At the dawn of the roaring twenties, Wick and his group of playmates contented themselves the way many small-town Texas boys did. When they weren’t in school they spent their days fishing, playing marbles and hunting small game. Victoria, where Wick grew up, had less than 6,000 residents.
Their hunting ground was along the banks of the Guadalupe River and extended east to where a pizza joint and a tire store now stand. A hundred years ago that part of town was a mite different than it is today. Walking west of present day Vine Street you would’ve encountered a fairly large slough or swamp as you approached the river. Mexican Devilweed, rose hedges, and dewberry vines ran amok.
The boys had the run of this wilderness and took to it as boys would in those days: with dogs and sticks to hunt for the swamp rabbits. As many as 20 kids would gather for the hunt. Wick’s brother Ike always brought his faithful companion Lady along for the excitement.
Kids with names like Horn Mouth, Dutz, Dee Dee and Cecil Frank made up Wick’s crew in that long-ago era.
Their hunts went like this: Wick and his buddies would surround a row of hedges. The meanest, nastiest dog of them all was little four pound-er named Bouche. They’d get him all riled up and sic him on whatever was in the bushes. He’d go racing in like a mad dog and all of a sudden rabbits would be racing every which way.
Sometimes as many as 20 rabbits would erupt out of the bushes. For their part the boys would take off bellowing, chasing after the dogs that were chasing after the rabbits with sheer chaos and bedlam being the order of the day.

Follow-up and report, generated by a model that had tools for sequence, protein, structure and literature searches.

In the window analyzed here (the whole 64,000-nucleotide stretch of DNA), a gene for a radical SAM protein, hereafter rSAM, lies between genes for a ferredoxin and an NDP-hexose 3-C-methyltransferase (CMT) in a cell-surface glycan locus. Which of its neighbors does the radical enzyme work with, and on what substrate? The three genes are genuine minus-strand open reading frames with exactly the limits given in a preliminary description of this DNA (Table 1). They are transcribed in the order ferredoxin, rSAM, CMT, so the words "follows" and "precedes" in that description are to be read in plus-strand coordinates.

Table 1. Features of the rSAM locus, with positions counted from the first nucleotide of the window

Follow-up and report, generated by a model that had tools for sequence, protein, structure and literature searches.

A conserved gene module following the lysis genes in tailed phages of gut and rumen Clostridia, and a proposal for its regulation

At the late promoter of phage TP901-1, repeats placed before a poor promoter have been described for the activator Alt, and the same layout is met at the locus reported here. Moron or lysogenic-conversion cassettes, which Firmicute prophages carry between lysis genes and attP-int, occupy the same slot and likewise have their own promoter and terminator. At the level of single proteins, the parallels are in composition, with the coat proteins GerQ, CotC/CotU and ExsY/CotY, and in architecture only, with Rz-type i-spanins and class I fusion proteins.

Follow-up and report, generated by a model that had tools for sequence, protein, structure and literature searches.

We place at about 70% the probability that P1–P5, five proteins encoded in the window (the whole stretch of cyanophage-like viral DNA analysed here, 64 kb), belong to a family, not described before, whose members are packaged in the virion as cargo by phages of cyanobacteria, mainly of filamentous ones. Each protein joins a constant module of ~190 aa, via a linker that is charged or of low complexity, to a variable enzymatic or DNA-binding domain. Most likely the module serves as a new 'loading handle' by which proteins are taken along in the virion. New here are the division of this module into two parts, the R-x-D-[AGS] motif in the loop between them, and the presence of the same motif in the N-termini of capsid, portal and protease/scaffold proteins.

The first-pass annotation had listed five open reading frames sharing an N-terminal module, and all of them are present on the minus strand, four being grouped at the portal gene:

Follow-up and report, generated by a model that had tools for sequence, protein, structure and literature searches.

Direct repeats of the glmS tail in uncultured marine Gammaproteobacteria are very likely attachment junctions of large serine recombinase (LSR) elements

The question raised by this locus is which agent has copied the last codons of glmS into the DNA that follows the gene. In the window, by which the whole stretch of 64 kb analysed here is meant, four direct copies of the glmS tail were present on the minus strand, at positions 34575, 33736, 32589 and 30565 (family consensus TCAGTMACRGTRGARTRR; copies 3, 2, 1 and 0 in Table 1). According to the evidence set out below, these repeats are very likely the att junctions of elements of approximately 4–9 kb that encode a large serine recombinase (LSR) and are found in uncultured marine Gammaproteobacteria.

If a rabbit got caught another fracas would erupt over who the rabbit then belonged to. A pot of swamp rabbit chili hung in the balance.
Wick’s role was an important one. He did not enjoy running so his task was to tote the dead rabbits after the hunt. Once the chaos had subsided and the boys returned to the hedge row they’d find young Wick, kicked back and relaxing right where they’d left him.
Sometimes Wick and Ike would show up back at their daddy I.D’s house with a good fat rabbit for the chili pot. Wick, not yet a teen, would not have been turned loose as the family cook but I’d wager he kept his eyes open as his mom Lola and his father busied themselves getting supper ready.
Who could’ve known that these familial meals of swamp rabbit chili would one day lead to the young Fowler being the crowned king of Texas chili?
There will never be another man like Wick.